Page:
Treatment

Ivermectin and doramectin are currently the only anthelmintics licensed for use in reindeer in Fennoscandia. A number of studies have investigated the efficacy of ivermectin against E. rangiferi with varying success. Folstad et al. [57] report that, “as expected”, ivermectin had no effect against E. rangiferi given that L1 larvae continued to be detected in the both the treated and control groups during their study. Macrocyclic lactones, like ivermectin, penetrate the blood–brain barrier poorly [58]. However ivermectin (at 200 µg/kg, subcutaneous injection) has been shown to have a moderate effect on brainworm infection levels by reducing larval burden in the lungs by 94% compared to untreated controls [56]. Larval shedding continued throughout the study period despite the reduction, but not elimination, of larval burden in the lungs. Mebendazole and febendazole treatment (6 mg/kg bodyweight, orally, once daily for 10 days) were successful at eliminating faecal larval shedding by 50 days post treatment [56]. However one of the febendazole study animals had pathological evidence of CNS infection 50 days post treatment. These studies were carried out on naturally infected reindeer calves (n = 6 in each treatment group) and the findings require further corroboration.

Measuring the impact of infection on herds

Climatic limitations on the development of infectious stages and access to ample high quality grazing (maximising potential for animals to develop optimal immune response to infections) contribute to limiting infection pressure and thus epizootics are a rarity rather than the norm. The consensus is that low infection doses result in little to no clinical signs whereas high infection doses can result in a fatal course. From a broader one-health approach, the overall resilience of the herd can be impacted at sub-clinical disease levels.

We currently know too little about baseline infection and disease occurrence to draw any kind of conclusion about the current impact of infection on herd health and resilience. The limited knowledge we have from individual herds, in different regions with differing management practices, is insufficient to provide guidelines for the industry as a whole. We are reliant on the herders to self-report disease outbreaks. The most common reported cause for losses is predators and not disease [8]. Obtaining reliable baseline data on disease incidence, morbidity and mortality is therefore challenging.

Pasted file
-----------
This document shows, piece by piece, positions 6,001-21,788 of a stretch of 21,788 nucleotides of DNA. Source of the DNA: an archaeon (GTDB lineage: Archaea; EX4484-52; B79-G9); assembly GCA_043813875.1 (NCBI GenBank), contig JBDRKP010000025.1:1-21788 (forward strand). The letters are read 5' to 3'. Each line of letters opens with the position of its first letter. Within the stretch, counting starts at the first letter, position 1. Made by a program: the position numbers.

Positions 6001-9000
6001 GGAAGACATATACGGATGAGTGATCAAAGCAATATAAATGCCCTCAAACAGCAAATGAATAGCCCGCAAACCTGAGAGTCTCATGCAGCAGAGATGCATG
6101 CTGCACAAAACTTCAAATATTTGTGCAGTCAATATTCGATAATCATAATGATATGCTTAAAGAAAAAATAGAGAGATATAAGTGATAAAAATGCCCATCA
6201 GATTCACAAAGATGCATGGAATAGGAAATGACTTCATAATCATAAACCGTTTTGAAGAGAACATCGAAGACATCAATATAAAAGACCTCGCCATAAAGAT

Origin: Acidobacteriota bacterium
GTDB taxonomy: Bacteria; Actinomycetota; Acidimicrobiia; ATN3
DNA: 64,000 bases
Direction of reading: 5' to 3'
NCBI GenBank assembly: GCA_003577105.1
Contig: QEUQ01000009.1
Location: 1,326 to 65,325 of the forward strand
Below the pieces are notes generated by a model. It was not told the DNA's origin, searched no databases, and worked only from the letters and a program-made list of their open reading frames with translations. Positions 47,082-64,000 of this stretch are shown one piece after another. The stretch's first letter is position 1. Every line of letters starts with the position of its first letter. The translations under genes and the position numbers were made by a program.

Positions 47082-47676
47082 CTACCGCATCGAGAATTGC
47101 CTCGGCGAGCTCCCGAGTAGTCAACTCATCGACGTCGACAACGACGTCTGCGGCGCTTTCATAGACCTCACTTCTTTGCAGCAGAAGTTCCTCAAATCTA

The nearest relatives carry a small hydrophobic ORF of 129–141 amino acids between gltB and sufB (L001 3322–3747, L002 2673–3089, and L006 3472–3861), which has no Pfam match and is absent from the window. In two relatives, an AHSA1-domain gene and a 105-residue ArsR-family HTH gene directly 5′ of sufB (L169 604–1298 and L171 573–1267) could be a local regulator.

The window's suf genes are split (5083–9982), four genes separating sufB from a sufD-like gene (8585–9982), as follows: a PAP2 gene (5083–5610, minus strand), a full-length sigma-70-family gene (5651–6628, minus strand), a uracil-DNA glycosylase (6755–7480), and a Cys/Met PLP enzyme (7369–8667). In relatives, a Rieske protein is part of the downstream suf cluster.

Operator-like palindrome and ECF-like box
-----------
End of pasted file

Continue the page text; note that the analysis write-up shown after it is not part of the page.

Knowledge gaps and future needs

We currently do not know how much climate change will affect brainworm abundance and prevalence. We anticipate that warmer temperatures will increase larval gastropod infection rates and shorten larval development times. Climate factors that can decrease infection risk would be factors that are detrimental to the survival of the gastropod hosts and the free-living larval stages, such as desiccation and repeated freeze–thaw events, whereas a warmer and wetter climate would benefit both the intermediate hosts and larval development. Anthropogenic impacts on reindeer herding may also result in changing infection risk by reducing grazing flexibility. We lack knowledge about spatial and temporal differences in infection risk which would allow us to advise herders how best to mitigate infection in years with high infection risk. As previously highlighted, we know too little about the impact that disease and infection has not only at an individual level but also at the herd level. Are, for example, reindeer with moderate or high levels of respiratory tract infection (from brainworm) less resilient to predation?

We need more information about what is happening both in reindeer and in the gastropods. How is climate change affecting parasite transmission, reproduction rates and survival? Given the number of recent years that have broken temperature records, we have to ask why are we not seeing more outbreaks? One approach to answer this could be the modelling of climate data in the reindeer regions to if temperatures were favourable for outbreaks in these districts [42] and compare this with information about herding practices and anthelmintic usage, to look for trends. There seems to be considerable geographic variation in disease reporting. Whether this reflects actual differences in infection pressure, presence and absence of suitable gastropods, or different herding practices in the three Fennoscandian countries with reindeer herding or differences in disease reporting mechanisms is hard to say. Further investigation is therefore needed to explain why Norway still sees outbreaks whereas so few are reported from Finland and Sweden.